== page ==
A general counsel’s view

Monday 27 June 2022

Report on session at 6th IBA Global Entrepreneurship Conference, 16 – 17 May 2022, presented by the IBA Closely Held and Growing Business Enterprise Committee

Pedro Fernández

Pérez-Llorca, Madrid

Session Co-Chairs

Alejandro Payá Cuatrecasas Barcelona; Chair, IBA Closely Held and Growing Business Enterprises Committee

Philip van Hilten AKD, Amsterdam


Pauline Bottema-Sanders General Counsel, Edge Technologies, Amsterdam

Vincent Brugge VP General Counsel EU & Asia, ICL Group, Amsterdam

Nora Klug Group General Counsel, Robert Bosch GmbH, Stuttgart

Martin Roberts Senior Underwriter, Liberty Global Transaction Solutions, Amsterdam

Caroline de Waele General Counsel, Darling Ingredients, Amsterdam

Session Report

Alejandro Payá opened the session and after a short introduction of the participants, raised a relevant question: what are the learnings and the practical lessons identified during the last two years? When Covid-19 and the lockdown stopped the world.

Nora Klug said that, for her, the most relevant learning experience is the importance of people. We cannot underestimate the relevance of people joining together. We all learnt that remote functioning works. Tasks are completed and the business is maintained, but it is difficult to innovate and to integrate people and teams without any presence. Thus, a mix model (remote and physical work) is the ideal.

Another learning is that the senior roles of the company have to focus in leadership, in transmitting the values of the company and to maintain a positive spirit in difficult times.

Vincent Brugge highlighted the relevance of the empathy in the decisions and its communication. There were, and are, people in terrible circumstances (Shanghai at the beginning of the Covid-19 pandemic, then the world was locked down, and now the situation in Ukraine).

Pauline Bottema-Sanders commented that in this scenario many laws and regulations were new. For her, it was very important to have a proper open line with the authorities to understand how they see and execute all those new regulations. They were approved very fast and frequently real consequences were not tested or thought through very well.

After some discussion of experiences regarding situations during the pandemic that the participants will never forget (such as the moment of the lockdown, the complete stop of transactions and business, etc), Caroline de Waele commented that in difficult moments like those, there are always opportunities to improve your product, your business and, of course, the situation of your employees.

Philip van Hilten asked the participants if, in those moments of crisis, companies need to make decisions based on legal grounds or has there been a relevant extra-legal component?

Pauline Bottema-Sanders remarked that in such extreme scenarios, external counsels’ opinion, for example, in relation to the obligation to comply with an agreement, was very relevant. It is important to know how far one can stretch an agreement, but at the end of day it is necessary to speak with the other party and the need to understand each other’s situation and to try to reach an agreement.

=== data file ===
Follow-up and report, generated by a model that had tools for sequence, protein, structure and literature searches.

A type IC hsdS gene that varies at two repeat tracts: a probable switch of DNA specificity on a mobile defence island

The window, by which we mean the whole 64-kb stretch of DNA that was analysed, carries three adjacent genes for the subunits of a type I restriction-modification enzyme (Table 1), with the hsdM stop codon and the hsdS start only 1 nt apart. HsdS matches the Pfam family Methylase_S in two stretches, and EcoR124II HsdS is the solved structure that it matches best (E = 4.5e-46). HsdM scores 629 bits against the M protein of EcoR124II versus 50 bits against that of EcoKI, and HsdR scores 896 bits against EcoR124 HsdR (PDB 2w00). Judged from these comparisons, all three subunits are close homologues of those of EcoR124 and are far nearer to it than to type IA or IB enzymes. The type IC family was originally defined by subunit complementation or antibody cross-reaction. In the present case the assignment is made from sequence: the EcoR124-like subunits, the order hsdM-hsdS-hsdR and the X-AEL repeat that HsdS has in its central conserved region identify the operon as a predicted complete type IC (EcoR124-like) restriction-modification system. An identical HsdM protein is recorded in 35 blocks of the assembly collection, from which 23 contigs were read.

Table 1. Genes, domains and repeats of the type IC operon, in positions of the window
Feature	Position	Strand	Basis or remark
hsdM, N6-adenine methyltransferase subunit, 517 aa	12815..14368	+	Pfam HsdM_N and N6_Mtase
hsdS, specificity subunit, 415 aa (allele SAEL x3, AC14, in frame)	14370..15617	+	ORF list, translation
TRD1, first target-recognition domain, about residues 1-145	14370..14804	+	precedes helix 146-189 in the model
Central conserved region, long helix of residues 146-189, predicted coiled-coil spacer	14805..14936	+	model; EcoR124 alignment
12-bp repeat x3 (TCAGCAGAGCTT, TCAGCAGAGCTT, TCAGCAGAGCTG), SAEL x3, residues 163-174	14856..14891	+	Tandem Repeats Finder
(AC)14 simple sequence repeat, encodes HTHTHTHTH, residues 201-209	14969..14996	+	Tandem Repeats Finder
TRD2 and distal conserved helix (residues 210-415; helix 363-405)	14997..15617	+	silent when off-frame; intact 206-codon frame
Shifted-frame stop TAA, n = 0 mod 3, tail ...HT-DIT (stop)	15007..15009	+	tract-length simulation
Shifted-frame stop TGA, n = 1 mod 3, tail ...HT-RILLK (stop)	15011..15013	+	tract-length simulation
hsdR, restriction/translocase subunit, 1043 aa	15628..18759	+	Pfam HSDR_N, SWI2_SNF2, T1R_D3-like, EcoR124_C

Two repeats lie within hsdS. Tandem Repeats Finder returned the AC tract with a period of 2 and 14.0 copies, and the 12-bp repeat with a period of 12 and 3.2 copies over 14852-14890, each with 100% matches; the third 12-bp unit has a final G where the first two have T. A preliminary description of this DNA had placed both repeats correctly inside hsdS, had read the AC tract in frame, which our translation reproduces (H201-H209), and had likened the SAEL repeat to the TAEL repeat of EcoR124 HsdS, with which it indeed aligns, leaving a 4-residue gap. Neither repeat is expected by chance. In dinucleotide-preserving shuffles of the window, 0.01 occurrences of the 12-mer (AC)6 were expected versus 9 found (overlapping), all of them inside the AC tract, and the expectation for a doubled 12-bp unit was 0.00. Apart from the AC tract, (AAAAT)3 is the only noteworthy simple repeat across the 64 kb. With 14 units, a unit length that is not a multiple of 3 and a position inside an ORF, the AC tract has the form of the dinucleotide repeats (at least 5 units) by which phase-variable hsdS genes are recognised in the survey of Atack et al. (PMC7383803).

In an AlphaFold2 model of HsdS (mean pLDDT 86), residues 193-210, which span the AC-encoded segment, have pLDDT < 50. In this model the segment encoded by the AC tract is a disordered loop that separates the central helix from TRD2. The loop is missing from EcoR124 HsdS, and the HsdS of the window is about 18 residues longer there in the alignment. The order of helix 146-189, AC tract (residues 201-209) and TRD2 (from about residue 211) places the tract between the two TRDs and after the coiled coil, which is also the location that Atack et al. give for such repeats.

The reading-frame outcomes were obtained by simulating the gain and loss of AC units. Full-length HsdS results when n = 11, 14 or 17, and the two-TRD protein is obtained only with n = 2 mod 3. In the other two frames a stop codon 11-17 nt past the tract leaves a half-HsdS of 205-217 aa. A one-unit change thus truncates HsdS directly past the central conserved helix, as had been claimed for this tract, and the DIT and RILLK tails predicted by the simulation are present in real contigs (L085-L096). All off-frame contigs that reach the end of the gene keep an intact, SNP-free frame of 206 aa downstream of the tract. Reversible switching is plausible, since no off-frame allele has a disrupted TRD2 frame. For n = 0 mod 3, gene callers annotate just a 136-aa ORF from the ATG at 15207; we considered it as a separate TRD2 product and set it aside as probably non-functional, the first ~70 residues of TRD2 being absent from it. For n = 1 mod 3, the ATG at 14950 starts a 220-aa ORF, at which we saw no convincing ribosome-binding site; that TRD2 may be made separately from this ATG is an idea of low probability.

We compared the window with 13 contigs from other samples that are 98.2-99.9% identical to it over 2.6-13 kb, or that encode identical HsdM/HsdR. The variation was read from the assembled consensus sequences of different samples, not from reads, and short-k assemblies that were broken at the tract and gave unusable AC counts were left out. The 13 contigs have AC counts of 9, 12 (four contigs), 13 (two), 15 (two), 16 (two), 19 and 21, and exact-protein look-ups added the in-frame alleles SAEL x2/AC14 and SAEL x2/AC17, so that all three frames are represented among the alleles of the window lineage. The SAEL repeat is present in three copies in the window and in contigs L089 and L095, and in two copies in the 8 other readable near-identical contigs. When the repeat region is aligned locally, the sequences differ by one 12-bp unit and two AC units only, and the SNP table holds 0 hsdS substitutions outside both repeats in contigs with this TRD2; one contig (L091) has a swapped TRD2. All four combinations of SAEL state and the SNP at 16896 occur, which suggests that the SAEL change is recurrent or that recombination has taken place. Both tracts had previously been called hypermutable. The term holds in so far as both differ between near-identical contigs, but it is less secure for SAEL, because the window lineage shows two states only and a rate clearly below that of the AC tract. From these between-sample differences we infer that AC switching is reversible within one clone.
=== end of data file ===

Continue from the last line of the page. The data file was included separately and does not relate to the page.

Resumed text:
Brugge and de Waele commented that it was very important to balance measures. Global decisions and measures needed to be adapted to different jurisdictions and environments. In others words, measures are needed to ensure the safety of employees and other people, but the measures also need to be practical and workable and therefore adaptable to different countries and regions. Klug added that she was very surprised how quickly organisations and people adapted to the crisis.

This comment led to the next topic raised by the moderators. In these unusual times, what was the role of the general counsel and the external counsel?

All the participants said that general/legal counsels are becoming a long-term strategic partner of the board of directors. Their role not only concerns legal topics, but they can advise on how to anticipate future problems. In this sense, it is essential that the experience and network of the external counsel law firms share their experience with other clients, the channels with the authorities in different countries: ’All this is beyond law’.

Finally, participants agree that they need the external counsel to think as a general counsel (‘we all need you to become a general counsel’). In order to achieve this, both parties’ general counsel and external advisors need to invest time in explaining and understanding the business. External counsels need to know and understand the business to be able to give proper advice. Only with an understanding of the importance and particularities of their company can they create a road map and anticipate problems.